Tuesday, 30 December 2014

Communicating oral cancer risk due to alcohol

A little while ago I tweeted about a systematic review on alcohol and oral cancer risk that the dental elf had flagged up.
But how can be communicate risk in a balanced, non-alarmist, but hopfully behaviour changing way?

In keeping with my previous blog about shared decision-making, patients are entitled to make choices about how they live their lives. In order to do that they may want to have access to some numbers that help them to take a proportionate approach.

In the review of risk of oral cancer the alcohol intake was classified as such:
Light, moderate and heavy drinking was respectively ≤12.5, ≤50 and >50 g per day of alcohol
1 unit of alcohol is the equivalent of 8g, or 10ml, of pure alcohol. (There's a handy guide for those considering their alcohol intake - or wishing to help others to make a change - here. Picture of alcohol units is taken from this)

So roughly the:

  • light intake was up to 1.5 units per day
  • moderate was up to 6 units 
  • heavy was over 6 units per week

The Dental Elf drew attention to the different types of studies included in the review. When only cohort studies were included in the meta-analysis, which are at lower risk of bias, the risk of developing oral cancer was:
  • no greater for the light drinkers, 
  • about one quarter higher for the moderate drinkers and 
  • about 3 times greater for the heavy drinkers. 

The Elf's table reproduced below shows that if case-control studies alone are considered the risks appear much greater. As there is a higher risk of bias in these studies I am inclined to concentrate on the cohort studies alone.

As those of you who are familiar with the work of Gert Gigerenzer, among others, relative risks are not great at communicating risks in a way that allows a proportionate response from a patient yet a lone a clinician.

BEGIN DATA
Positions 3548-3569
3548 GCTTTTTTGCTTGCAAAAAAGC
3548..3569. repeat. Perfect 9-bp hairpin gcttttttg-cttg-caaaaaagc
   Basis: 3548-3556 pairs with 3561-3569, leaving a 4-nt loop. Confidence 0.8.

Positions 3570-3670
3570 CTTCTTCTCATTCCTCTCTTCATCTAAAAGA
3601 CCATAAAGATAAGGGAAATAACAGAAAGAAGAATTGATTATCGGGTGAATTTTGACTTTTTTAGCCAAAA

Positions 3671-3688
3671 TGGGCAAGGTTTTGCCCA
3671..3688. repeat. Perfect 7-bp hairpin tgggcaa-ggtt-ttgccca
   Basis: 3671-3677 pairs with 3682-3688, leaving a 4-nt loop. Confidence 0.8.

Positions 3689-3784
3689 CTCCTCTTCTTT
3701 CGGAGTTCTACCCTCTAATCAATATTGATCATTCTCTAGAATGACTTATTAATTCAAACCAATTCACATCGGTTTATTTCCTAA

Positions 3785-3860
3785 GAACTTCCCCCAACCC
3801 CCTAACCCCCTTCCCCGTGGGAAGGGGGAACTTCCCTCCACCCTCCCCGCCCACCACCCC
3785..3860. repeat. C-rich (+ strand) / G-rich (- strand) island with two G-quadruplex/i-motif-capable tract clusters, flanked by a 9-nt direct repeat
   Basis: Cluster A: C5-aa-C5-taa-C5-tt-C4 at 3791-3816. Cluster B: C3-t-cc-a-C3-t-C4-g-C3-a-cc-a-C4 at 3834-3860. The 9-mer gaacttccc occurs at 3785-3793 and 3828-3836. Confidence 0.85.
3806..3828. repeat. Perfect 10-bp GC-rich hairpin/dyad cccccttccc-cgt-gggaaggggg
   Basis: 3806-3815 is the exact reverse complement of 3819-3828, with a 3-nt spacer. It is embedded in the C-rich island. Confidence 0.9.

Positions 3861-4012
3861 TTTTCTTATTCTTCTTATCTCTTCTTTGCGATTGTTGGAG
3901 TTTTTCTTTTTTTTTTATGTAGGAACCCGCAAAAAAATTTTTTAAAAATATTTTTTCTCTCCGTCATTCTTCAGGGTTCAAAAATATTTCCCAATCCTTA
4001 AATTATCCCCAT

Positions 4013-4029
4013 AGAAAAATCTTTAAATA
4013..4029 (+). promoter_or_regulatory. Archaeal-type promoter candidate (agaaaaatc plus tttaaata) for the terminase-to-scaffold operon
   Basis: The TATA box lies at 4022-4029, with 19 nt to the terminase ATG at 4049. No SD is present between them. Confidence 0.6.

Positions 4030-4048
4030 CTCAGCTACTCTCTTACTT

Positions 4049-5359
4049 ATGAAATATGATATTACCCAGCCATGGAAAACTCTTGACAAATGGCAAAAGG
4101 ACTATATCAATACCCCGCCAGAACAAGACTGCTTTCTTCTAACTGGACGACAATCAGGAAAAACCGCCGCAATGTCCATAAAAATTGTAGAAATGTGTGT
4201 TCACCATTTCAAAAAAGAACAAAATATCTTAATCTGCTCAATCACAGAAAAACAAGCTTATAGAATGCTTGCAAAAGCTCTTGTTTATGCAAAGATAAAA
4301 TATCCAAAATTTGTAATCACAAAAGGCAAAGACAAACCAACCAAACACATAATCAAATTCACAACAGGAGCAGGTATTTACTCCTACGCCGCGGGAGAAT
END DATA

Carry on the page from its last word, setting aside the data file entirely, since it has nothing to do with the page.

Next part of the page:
To say that there is a 3x greater risk of oral cancer if you drink more than 6 units of alcohol a day may sound a lot. But if the lifetime risk of getting oral cancer were, say 1 in 100,000 then having a risk of 3 in 100,000 may not seem terribly significant (assuming there were no other health or social risks to drinking that much).

What we really need to be able to better understand the implications of the increased risk is what the absolute risk of getting oral cancer is.

The closest I could come to this is an overall lifetime cancer risk calculated by the Statistical Information Team at Cancer Research UK. They reckon that 1 in 84 people will develop oral cancer. The number caused by smoking is estimated to be about a half and a third due to alcohol (stats from cancer research). So this number will not be a true reflection of the risk for a non-smoker and non-drinker, which would be expected to be much lower. Can we make use of it though?

My view is that it is not the detailed number that matters when communicating the risk but an indication to a patient of the scale of the impact of their behaviour. So I would recommend making an assumption based on the 1 in 84 figure.

Let's assume that 1/3rd of cancers are caused by alcohol as Cancer Research suggests and that 1/2 are caused by smoking. As a few more are caused by smoking let's assume the average of 1 in 84 is a little lower for drinkers - say 1 in 100. Let's then assume that as about 1/6 of the cancers are in non-drinkers and non-smokers that the lifetime risk in this group is about 1 in 200.

Now we can try to give a sense of the impact of drinking more than 6 units of alcohol by saying:
In non-drinkers we would expect approximately 1 in 200 to get oral cancer. For those who drink more than 6 units per day the number would be 3 in 200.
Now, as we would like to communicate the increased risk for the moderate drinkers of 25% we need to increase the size of the denominator by 4 so that we can say:
In non-drinkers we would expect approximately 4 in 800 to get oral cancer. For those who drink between 1.5 and 6 units a day we'd expect 5 in 800 to get oral cancer. For those who drink more than 6 units a day we'd expect 12 in 800 to get oral cancer.
I hope that this will help communicate oral cancer risk in a balanced way.

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